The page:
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Old July 2, 2011, 02:03 AM   #451
BillCA
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Quote:
Originally Posted by Aguila Blanca
I am prepared to accept that this was not Barry's brainchild. But I don't think it's at all unreasonable to suppose that some unelected, unappointed, liberal Democratic apparatchik might easily have dreamed up this operation as a way of promoting the administration's agenda to discredit gun ownership and to eviscerate the 2nd Amendment. So this genius talks to some other equally unelected, unappointed, unaccountable apparatchiks, one of them takes it down the street to some upper-mid-level honcho in BATFE, and from there things start snowballing rapidly downhill.

I don't think Barry ordered it. I don't think Holder ordered it. I do think Holder authorized it, and I do think both he (and probably Obama) knew about it pretty much from the outset. I think the important thing for us to learn/remember from this is that there are a great many hidden layers within our government, and they generally do not function to our benefit. Many of them, in fact, are there largely for no reason other than to provide plausible deniability.
Aguila Blanca (aka white water )

I don't think, at this point, it matters one whit who was the "brainchild" or "brain trust" that hatched this felony stupid plan, unless it was the POTUS or a cabinet level position.

The more important point is at what level was the plan approved to begin execution and was the approver/authorizer given all the details of the plan?

We can envision that unnamed, unelected GS-5 bureaucrat who takes some initiative to create the plan and pass it along through to someone who can "get the ball rolling". We can also envision some mid-to-high level officials "packaging" the plan for Holder (or deputy AG Ogden) without the sordid little details -- like losing track of the guns. Or simply saying they intend to cooperate with Mexico... but leaving out precisely when that might happen. We can see how such a plan might be endorsed with the belief it will be implemented according to agency policy and best practices.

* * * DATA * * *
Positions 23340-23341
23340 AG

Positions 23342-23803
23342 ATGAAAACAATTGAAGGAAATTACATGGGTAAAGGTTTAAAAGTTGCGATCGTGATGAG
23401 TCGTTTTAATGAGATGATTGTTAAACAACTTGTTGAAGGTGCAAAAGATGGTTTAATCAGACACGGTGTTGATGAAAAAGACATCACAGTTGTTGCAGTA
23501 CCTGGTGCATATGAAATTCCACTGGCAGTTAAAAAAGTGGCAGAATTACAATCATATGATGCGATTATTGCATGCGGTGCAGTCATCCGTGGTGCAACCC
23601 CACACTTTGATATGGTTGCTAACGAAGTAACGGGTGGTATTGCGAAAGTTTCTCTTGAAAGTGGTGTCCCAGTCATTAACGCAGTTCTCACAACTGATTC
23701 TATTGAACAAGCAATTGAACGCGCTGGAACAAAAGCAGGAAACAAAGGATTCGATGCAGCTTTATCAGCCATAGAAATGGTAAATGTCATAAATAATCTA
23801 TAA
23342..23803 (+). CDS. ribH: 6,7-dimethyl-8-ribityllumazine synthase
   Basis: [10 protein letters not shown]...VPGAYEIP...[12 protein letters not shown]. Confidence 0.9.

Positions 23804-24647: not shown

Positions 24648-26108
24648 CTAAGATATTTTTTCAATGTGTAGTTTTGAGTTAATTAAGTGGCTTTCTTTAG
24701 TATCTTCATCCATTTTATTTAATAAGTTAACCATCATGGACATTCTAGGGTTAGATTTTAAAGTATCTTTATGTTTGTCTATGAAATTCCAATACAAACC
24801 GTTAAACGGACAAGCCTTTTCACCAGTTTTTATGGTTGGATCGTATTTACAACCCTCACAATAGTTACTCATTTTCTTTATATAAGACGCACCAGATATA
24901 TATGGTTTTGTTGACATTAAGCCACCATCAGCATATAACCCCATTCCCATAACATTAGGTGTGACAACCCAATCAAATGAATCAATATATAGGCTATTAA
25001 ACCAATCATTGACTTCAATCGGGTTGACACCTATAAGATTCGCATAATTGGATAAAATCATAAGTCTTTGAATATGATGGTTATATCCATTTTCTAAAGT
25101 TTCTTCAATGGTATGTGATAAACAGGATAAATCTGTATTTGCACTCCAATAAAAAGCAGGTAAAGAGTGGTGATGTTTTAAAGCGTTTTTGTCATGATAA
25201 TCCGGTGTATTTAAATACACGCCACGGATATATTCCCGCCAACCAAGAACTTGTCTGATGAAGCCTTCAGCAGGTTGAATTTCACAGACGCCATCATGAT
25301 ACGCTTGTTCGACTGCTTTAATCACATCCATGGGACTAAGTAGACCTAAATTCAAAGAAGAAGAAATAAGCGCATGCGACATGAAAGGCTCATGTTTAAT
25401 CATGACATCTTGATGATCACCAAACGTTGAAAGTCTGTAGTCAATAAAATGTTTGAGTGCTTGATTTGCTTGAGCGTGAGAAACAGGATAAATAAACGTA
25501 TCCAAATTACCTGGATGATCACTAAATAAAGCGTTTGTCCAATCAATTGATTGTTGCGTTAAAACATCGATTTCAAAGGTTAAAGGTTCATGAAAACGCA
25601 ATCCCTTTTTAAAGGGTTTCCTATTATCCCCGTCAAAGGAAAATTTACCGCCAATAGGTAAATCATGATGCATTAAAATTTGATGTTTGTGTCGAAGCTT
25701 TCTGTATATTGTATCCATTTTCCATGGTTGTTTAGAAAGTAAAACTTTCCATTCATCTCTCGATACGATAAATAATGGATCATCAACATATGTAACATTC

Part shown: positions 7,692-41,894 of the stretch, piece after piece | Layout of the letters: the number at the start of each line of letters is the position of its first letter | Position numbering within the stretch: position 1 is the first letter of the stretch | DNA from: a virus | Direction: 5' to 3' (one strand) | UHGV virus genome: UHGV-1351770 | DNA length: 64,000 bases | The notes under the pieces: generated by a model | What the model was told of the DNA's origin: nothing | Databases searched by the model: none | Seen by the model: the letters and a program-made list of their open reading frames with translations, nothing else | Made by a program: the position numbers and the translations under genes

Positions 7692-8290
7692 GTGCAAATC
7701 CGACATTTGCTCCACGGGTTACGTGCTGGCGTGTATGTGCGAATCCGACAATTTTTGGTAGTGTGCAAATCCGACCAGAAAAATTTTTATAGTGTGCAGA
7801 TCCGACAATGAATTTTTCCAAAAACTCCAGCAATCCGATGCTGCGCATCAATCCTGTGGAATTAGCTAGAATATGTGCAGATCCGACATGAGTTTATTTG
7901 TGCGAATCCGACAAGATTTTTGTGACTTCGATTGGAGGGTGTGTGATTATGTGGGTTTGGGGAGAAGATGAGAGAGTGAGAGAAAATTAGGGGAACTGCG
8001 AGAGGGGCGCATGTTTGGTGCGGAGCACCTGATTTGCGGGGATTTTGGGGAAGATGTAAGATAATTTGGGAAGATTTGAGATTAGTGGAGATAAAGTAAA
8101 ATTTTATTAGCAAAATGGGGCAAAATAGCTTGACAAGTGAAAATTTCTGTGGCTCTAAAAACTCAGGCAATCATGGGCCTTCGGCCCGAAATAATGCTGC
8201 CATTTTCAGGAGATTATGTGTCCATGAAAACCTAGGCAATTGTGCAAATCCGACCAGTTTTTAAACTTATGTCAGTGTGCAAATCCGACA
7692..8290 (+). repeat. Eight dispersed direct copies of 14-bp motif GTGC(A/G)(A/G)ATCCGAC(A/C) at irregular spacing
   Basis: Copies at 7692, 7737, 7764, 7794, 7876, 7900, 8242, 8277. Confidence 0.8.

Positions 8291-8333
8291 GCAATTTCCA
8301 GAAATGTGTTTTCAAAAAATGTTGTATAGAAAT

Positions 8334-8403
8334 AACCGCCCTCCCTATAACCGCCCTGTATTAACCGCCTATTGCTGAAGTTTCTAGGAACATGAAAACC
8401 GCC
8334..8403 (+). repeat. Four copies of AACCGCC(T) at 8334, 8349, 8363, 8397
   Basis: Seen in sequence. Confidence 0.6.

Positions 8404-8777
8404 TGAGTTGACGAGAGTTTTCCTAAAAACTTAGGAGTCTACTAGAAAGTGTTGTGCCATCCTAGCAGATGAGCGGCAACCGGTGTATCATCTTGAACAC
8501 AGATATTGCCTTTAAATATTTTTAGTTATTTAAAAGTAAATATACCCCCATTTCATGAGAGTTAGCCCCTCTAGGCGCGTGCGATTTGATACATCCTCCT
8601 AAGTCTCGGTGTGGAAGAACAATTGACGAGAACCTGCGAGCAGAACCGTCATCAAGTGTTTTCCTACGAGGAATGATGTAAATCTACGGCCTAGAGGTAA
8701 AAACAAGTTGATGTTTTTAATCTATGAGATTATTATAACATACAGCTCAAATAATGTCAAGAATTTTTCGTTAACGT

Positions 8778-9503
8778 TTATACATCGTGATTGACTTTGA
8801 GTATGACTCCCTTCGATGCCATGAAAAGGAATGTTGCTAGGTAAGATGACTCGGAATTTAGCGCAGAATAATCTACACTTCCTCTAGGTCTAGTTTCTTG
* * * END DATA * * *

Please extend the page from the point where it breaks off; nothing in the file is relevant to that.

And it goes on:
Except for a few niggling little details in this case.

From what I've read, the jurisdictions on border cases requires inter-agency cooperation and teamwork (something the ATF also does poorly). Operations along the border use EPIC (El Paso Intelligence Center) with multiple agency members only steps away. Much of the work along the border is done under the OCDETF (organized crime drug enforcement task force) oversight, which combines DOJ and DHS resources (ICE, Customs/BP, USCG, etc). In addition, incidents along the border are reported to the State Department to notify them of potential diplomatic issues. Operations targeting Mexican nationals or US citizens involved in criminal activity within Mexico are also summarized for State.

It's possible that these agencies were "kept in the dark" about ATF's operation, but not plausible. Not with the jurisdictional turf wars each agency plays (each wants the credit for any major case). Plus, the State Dept. would be in the "need to know" category about any operation attempting to break the drug cartels or their supply chain(s).

It seems almost inconceivable that this operation could be contained entirely within the mid-level bureaucratic layers of DOJ, DHS and State. Government bureaucrats don't take a dump without a plan that is approved by at least one or two layers higher up. And a plan who's prima facie presentation looks good does not excuse agency heads from doing their due diligence by asking questions or trying to poke holes in the plan.

The important thing here is that AG Holder is the holder of the bag. It's his job to know what kinds of operations are going on within his agency and his responsibility that every agency and department adheres to the constitution and US laws.
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Old July 2, 2011, 02:16 AM   #452
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What is pathetic is the minority attempting to put a pro-gun control spin on a case that is definitively about the circumvention of existing gun laws for reasons no-one has even attempted to explain.

I believe the the BATF's behavior rises to criminal conduct. They knowingly put thousands * of guns into the hands of criminals, then purposely allowed them to vanish from their control. If that isn't a criminal violation of federal law, then I can't imagine what is.

As far as I am aware, there is no LE exemption for arming criminals and letting them walk away to plan their next murder.

(+/- 1700 guns just from this program. It's probably a fair assumption that there are at least some other more isolated instances guns getting walked by this agency.)
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Old July 2, 2011, 07:25 AM   #453
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Holder said in May that he learned of the operation a few weeks ago. Being generous, he may have meant March.

Grassley's first letter to him on the subject was in the beginning of February.

Taking him at his word, I'd say that ignoring mail from a US Senator for over a month is malfeasance. His word does not strike me as particularly credible in this case.
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Old July 2, 2011, 09:36 AM   #454